CMLIT 331. Literary Criticism. 3 hr.; 3 cr.
Prereq.: At least one elective course in English or another literature. The history and problems of literary criticism from Plato to the present, with special emphasis on continental criticism. Not open to students who received credit for ENGL 382.

CMLIT 333. Tragedy. 3 hr.; 3 cr.
Prereq.: At least one elective course in English or another literature. Major tragic texts from various cultures and ages, with some attention to theories of tragedy. Students may take this course twice for credit if the works studied are different.

CMLIT 334, 334W. Mythology and Heroic Literature. 3 hr.; 3 cr.
Prereq.: At least one elective course in English or another literature. Major heroic epics, with some attention to questions of genre. The texts in this course may vary each semester. Students may take the course twice for credit if the works studied are different.

CMLIT 335. Problems in Drama. 3 hr.; 3 cr.
Prereq.: At least one elective course in English or another literature. An intensive study of the works of one or more important dramatic authors. The author(s) and texts vary each semester. Students may take this course twice for credit if the authors and works studied are different.

CMLIT 336. Forms of Fiction. 3 hr.; 3 cr.
Prereq.: At least one elective course in English or another literature. The novel, novella, short story, and other forms of prose fiction, with special emphasis on questions and problems of genre. The texts studied vary each semester. Students may take this course twice for credit if the works studied are different.

CMLIT 337. Archetypes. 3 hr.; 3 cr.
Prereq.: At least one elective course in English or another literature. Various recurrent themes, myths, and forms in literature, such as Don Juan, Orpheus, Faust; the quest, romance, pastoral. The texts studied in this course vary each semester. Students may take this course more than once for credit if the topic is different.

CMLIT 338. Masterpieces of the Western Tradition. 3 hr.; 3 cr.
Prereq.: At least one elective course in English or another literature. Aims to provide a general overview of western literature to students who have already studied some of it, and who would like to have an upper­level general course in literature. Works will range from Gilgamesh to the present.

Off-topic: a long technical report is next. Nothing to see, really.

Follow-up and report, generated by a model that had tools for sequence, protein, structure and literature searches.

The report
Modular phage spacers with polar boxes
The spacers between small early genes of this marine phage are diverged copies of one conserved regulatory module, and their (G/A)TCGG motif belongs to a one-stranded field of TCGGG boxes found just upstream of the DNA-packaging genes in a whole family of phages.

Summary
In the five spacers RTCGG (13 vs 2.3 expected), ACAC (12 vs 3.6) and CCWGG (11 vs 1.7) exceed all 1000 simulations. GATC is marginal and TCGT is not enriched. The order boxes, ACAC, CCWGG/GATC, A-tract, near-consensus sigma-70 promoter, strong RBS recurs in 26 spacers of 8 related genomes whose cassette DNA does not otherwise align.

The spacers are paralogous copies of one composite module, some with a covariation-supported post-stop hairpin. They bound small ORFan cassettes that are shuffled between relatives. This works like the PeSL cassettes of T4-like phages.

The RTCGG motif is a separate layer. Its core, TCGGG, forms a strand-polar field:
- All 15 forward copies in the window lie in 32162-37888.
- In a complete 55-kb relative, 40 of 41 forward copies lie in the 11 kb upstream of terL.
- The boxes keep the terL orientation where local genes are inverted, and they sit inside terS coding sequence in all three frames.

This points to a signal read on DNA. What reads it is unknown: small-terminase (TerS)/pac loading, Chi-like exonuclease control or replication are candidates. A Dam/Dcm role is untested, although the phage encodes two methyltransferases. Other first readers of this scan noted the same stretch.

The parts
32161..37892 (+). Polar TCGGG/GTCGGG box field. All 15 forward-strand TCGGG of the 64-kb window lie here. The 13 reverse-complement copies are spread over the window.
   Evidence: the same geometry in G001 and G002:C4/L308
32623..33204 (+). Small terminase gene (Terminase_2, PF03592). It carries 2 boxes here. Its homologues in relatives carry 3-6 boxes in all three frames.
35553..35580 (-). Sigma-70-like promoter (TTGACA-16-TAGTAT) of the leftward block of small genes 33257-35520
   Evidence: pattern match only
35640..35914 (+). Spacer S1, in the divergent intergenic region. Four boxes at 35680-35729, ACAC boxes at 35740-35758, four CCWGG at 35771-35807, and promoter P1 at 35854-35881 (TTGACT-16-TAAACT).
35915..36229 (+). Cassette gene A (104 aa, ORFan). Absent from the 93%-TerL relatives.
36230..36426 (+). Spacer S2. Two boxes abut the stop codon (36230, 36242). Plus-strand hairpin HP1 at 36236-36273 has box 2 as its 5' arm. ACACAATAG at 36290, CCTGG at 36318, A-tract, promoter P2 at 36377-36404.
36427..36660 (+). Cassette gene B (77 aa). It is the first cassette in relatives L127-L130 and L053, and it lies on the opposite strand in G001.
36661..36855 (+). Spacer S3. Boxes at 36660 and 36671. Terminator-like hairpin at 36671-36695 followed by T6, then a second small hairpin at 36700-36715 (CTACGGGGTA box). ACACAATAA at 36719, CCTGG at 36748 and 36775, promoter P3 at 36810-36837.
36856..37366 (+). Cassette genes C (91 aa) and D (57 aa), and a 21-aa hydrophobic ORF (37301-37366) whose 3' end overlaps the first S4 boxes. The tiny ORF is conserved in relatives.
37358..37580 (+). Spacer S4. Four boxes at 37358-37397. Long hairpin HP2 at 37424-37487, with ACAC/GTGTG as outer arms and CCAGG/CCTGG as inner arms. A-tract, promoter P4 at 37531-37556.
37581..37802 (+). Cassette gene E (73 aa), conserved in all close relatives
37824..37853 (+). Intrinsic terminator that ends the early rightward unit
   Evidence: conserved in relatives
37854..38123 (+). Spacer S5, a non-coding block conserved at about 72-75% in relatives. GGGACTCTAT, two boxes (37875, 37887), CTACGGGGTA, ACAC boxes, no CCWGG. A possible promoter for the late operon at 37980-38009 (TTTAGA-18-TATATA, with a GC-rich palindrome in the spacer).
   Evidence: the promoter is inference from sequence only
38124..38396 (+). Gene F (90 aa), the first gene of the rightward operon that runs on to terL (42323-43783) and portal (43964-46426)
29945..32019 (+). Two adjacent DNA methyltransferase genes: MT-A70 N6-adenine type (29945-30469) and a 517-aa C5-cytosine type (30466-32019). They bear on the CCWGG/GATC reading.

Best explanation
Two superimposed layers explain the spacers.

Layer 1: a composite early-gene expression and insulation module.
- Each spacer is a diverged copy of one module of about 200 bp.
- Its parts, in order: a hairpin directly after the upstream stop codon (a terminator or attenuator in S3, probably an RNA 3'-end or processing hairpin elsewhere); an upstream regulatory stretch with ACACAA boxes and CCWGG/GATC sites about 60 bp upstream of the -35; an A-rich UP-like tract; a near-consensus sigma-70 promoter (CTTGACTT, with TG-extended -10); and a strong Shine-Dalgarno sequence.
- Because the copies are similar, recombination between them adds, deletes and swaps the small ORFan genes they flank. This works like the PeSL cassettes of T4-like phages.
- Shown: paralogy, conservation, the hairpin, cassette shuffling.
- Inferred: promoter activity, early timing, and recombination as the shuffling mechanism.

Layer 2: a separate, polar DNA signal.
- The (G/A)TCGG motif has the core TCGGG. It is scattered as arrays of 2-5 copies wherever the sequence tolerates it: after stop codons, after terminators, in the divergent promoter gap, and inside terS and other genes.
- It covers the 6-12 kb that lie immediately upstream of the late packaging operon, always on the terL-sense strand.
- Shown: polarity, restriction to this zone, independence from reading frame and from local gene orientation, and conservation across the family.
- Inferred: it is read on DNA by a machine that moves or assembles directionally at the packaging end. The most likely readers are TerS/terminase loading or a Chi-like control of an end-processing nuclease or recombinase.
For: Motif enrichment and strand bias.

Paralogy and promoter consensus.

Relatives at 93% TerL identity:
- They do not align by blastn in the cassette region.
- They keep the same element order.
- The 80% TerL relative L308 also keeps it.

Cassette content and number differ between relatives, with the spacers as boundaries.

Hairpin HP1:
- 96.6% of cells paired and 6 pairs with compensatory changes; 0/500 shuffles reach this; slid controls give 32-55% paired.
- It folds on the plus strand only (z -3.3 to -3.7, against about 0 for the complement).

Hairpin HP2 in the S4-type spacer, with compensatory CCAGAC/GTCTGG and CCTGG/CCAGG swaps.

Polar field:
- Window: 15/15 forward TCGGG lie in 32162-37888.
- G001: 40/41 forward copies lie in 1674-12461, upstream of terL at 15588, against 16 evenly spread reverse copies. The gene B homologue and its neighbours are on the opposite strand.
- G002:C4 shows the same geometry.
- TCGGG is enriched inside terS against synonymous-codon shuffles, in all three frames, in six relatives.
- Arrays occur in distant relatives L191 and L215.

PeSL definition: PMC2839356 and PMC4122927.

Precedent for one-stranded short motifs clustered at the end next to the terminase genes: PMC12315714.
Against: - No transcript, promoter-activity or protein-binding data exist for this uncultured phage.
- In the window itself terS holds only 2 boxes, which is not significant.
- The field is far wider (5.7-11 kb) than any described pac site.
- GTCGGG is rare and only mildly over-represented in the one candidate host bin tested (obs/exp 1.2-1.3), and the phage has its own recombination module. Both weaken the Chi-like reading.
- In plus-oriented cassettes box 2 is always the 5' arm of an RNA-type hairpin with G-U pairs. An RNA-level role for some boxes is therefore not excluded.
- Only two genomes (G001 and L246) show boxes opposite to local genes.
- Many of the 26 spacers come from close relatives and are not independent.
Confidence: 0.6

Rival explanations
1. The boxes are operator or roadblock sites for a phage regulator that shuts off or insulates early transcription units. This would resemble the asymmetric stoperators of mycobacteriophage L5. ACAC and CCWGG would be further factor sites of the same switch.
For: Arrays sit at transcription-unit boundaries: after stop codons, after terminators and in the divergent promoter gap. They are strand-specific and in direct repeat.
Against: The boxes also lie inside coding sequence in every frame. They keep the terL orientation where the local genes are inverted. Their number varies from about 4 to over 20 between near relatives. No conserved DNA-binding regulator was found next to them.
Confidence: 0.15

CMLIT 340. Literature and History. 3 hr.; 3 cr.
Prereq.: One elective course in comparative literature or another literature department. The study of literature as history and history as literature. Students will learn how to read literary texts in relation to other forms of discourse within a given historical context, how to contextualize a text through historical research, and how to analyze the rhetoric of history.

CMLIT 341. Life Writing. 3 hr.; 3 cr.
Prereq.: One elective course in comparative literature or another literature department. A consideration of various forms of life writing—including autobiography, memoirs, diaries, journals, and testimonials—and the people who write them.

CMLIT 342: Translation Theory and Practice. 3 hr.; 3 cr.
Prereq.: One elective course in comparative literature or another literature department. Knowledge of a foreign language. Introduction to the possibilities of creating new meaning in another language. Students are asked to read and discuss theoretical essays on translation, and to produce their own translations of fiction or poetry into English, through stages from literal to finish. The course focuses on what is lost and gained in translation, and on how to recognize and work with cultural and linguistic differences.

CMLIT 381,381W, 382, 382W, 383, 383W, 384, 384W. Advanced Seminars. 3 hr.; 3 cr.
Prereq.: Three elective courses in literature, reading knowledge of one foreign language, junior or senior standing, or permission of the department. Exploration of important themes in literature, literary history, and criticism. Subject matter varies from semester to semester according to the interests and needs of students and teaching staff. Nonmajors also admitted.

CMLIT 390. Internship. 390.1, 45 hr.; 1 cr., 390.2, 90 hr.; 2 cr., 390.3, 135 hr.; 3 cr.
Prereq.: Completion of 9 credits in comparative literature and approval of the department. Comparative literature students are given the opportunity to use and improve their skills and knowledge through working for credit. Fields in which student interns may work include: literature, cultural studies, history, international relations, and media. Students may contact the college’s Office of Career Development for internship placement information, or may get information directly from a workplace. Students should see the Comparative Literature Department for information on writing a proposal for the internship and securing a faculty sponsor. The department must approve the internship before registration. The student’s grade will be based on the employer’s and the faculty sponsor’s assessment of the student’s work. The student will submit a research paper on the work done in the internship. A limit of 6 credits of internships may be taken. Of these 6 credits, no more than 3 can be counted toward the comparative literature major or minor.